Every Little Step

"Very Good"

Every Little Step Review


The making-of documentary -- the few seen as works in their own right and not consigned to the second disc of a special edition DVD -- is a tricky thing, as its audience is by definition limited to fans of the original work. James D. Stern and Adam Del Deo's wonderful Every Little Step (subtitle: The Journey of "A Chorus Line" From its Beginnings) goes beyond those built-in limitations by being much more about the continuing impact of a theatrical milestone than the peculiarities of how it came about.

It doesn't hurt, of course, that the directors have given themselves a couple almost unfair advantages. First, there's Marvin Hamlisch's jazzy toe-tapper of a score from the original A Chorus Line percolating through most scenes. Secondly, their structure -- tracking auditions for the musical's 2006 revival while simultaneously discussing the history of the 1975 original -- mimics, sometimes all too closely, the methodology of a reality TV show, with all its attendant, short-attention-span drama. So, yes, there is immersive and revealing Broadway history, but also a healthy dose of camera-ready gritty determination and teary-eyed rejection. It's hard to explain why it all works as well as it does, but the continual use of the show's opening number "I Hope I Get It" has a good deal to do with it, not just because of its hummability but also the striving desire it represents.

Every Little Step is essentially the story of people auditioning for a show about auditions. A Chorus Line's memorable conceit is based around an audition for a new musical, where the Broadway "gypsies" (those ridiculously well-trained but usually ignored veterans who soldier on from one show's background chorus to the next) come forward not just to strut their stuff but to talk about their lives. In between the revival audition scenes, Stern and Del Deo delve into a treasured nugget of Broadway lore, how choreographer Michael Bennett came up with his idea for the play. In short, it came down to one long winter night in 1974, when Bennett gathered a bunch of dancers and had everybody talk about their lives for 12 hours while taping everything on a reel-to-reel. The resulting tapes were surprisingly dramatic and confessional (a development most likely lubricated by the big jug of cheap red wine) and ultimately formed the dramatic nucleus of the show's multiple soliloquies.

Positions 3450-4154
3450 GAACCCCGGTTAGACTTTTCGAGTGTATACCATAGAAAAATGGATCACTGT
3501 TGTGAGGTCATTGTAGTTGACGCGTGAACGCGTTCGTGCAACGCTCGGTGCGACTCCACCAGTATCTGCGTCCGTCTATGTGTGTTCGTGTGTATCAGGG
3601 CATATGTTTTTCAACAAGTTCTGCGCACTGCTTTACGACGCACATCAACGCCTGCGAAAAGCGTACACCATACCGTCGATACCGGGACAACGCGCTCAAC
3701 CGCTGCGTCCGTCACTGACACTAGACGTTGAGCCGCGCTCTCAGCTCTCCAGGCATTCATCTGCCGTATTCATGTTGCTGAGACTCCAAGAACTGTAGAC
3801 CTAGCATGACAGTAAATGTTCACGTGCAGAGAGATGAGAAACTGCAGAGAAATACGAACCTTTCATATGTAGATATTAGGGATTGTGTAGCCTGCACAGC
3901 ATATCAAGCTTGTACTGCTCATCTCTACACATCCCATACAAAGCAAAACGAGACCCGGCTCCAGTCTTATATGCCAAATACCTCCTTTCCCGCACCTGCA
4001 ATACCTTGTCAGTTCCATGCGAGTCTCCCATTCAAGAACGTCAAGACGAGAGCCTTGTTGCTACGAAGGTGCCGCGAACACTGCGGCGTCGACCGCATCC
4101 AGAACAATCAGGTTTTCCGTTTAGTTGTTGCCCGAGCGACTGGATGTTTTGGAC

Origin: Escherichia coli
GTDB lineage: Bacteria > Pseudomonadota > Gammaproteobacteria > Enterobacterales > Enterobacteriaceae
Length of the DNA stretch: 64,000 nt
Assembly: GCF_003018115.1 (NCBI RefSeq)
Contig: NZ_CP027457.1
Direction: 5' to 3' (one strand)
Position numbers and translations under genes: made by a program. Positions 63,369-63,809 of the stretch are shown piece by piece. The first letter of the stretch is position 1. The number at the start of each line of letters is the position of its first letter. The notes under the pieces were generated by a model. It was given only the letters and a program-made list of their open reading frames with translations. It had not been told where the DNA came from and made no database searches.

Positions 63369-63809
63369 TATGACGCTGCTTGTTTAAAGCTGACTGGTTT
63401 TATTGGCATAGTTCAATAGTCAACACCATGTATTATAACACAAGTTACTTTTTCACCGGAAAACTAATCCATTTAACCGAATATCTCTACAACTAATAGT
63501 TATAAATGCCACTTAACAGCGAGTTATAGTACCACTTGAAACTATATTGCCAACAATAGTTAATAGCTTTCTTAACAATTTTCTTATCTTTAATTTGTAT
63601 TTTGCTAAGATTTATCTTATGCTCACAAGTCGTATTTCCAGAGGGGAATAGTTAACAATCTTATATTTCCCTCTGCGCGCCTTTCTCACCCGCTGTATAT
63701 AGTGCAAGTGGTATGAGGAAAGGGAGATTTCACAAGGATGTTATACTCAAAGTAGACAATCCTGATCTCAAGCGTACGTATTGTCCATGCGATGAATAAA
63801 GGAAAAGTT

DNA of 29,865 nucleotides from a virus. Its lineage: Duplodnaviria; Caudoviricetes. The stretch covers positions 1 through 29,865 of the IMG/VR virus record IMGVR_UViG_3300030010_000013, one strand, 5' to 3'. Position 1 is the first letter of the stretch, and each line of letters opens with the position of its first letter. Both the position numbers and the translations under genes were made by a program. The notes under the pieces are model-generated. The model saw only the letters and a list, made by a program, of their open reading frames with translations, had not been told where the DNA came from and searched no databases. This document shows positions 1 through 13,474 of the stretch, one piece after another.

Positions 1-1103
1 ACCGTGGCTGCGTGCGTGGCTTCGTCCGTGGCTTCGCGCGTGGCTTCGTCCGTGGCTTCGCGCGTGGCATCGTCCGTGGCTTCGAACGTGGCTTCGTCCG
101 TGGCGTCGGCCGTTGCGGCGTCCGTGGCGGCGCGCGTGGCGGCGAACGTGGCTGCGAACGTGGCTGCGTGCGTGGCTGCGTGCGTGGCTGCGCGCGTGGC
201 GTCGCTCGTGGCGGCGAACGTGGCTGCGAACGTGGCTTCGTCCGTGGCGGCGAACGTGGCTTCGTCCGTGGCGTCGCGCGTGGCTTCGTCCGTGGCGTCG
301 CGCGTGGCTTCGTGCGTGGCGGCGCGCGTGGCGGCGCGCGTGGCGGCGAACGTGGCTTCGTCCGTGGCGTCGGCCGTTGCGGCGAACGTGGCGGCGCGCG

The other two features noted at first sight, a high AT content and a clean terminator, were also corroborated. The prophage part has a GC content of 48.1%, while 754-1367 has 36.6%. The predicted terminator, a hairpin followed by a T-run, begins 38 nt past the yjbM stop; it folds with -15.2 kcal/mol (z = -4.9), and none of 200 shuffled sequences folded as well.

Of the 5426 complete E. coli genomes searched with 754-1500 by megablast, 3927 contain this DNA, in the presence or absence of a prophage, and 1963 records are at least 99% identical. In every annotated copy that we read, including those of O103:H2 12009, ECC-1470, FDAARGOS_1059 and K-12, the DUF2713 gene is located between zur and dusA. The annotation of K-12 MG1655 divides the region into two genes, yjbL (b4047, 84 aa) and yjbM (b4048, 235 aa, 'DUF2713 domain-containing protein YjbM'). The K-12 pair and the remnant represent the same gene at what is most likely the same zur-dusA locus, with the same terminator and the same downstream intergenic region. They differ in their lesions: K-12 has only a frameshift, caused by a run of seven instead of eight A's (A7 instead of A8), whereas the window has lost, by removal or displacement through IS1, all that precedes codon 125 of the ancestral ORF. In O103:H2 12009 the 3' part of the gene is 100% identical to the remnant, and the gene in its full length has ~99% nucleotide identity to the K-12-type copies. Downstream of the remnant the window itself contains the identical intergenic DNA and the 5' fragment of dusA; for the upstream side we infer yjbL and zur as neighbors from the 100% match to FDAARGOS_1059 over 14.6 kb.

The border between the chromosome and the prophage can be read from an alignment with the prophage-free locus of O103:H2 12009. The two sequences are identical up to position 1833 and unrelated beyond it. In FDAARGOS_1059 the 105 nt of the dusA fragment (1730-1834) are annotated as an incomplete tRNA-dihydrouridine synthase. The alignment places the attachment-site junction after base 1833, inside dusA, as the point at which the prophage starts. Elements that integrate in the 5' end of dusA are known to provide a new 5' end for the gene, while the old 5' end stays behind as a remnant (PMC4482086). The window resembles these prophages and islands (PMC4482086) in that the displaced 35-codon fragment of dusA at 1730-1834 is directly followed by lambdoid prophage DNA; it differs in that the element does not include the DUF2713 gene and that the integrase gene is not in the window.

This behind-the-scenes material is likely the aspect that theater fans would want to have seen more of. An entire other film could have been made out of whose confession was the inspiration for which scene or song lyric, or a study of how revolutionary the whole idea of A Chorus Line was at the time (Bennett and the Public Theater's director Joe Papp practically created the idea of the workshop). But smartly for the film, Stern and Del Deo spend more of their time on the people involved, from the long-in-the-tooth veterans trying for long last shot to the fresh-off-the-bus strivers to Broadway stars who still need to fight for every role.

The filmmakers understand the meta frisson of a situation in which the original's choreographer, Baayork Lee, an infectious spark-plug of energy whose interview was the basis for the character of Connie, is auditioning performers to essentially play herself. They know that it isn't just the natural drama of the audition process (all those people lined up in the rain; all those punishing, weeding-out dance routines) at play here but an extra level of tension brought up by the fact that the dancers are trying out for a part in a play that's essentially about themselves. Thus the inclusion of weighted lines like "I need this because I'm out of unemployment" or moments like the one where a dancer's tryout turns into such a powerfully emotional eruption that those conducting the audition themselves break down in tears.

There are certainly moments when Every Little Step veers too close to the reality-TV trap of quick-and-shallow identification leading up to the elimination round. But it deserves credit for not only providing a fresh take on the old cliché of the creative class (how long do you stick with your dream in the face of incredible odds?) but also for focusing on the kinds of creative professionals today's culture rarely considers. They don't want to be famous, they just want to work.

Gold uniforms? What recession!?



Every Little Step

Facts and Figures

Run time: 96 mins

In Theaters: Saturday 25th October 2008

Box Office USA: $1.5M

Distributed by: Sony Pictures Classics

Reviews

Contactmusic.com: 3.5 / 5

Rotten Tomatoes: 91%
Fresh: 87 Rotten: 9

IMDB: 7.4 / 10

Cast & Crew

Director: Adam Del Deo, James D. Stern

Producer: Adam Del Deo, James D. Stern

Contactmusic


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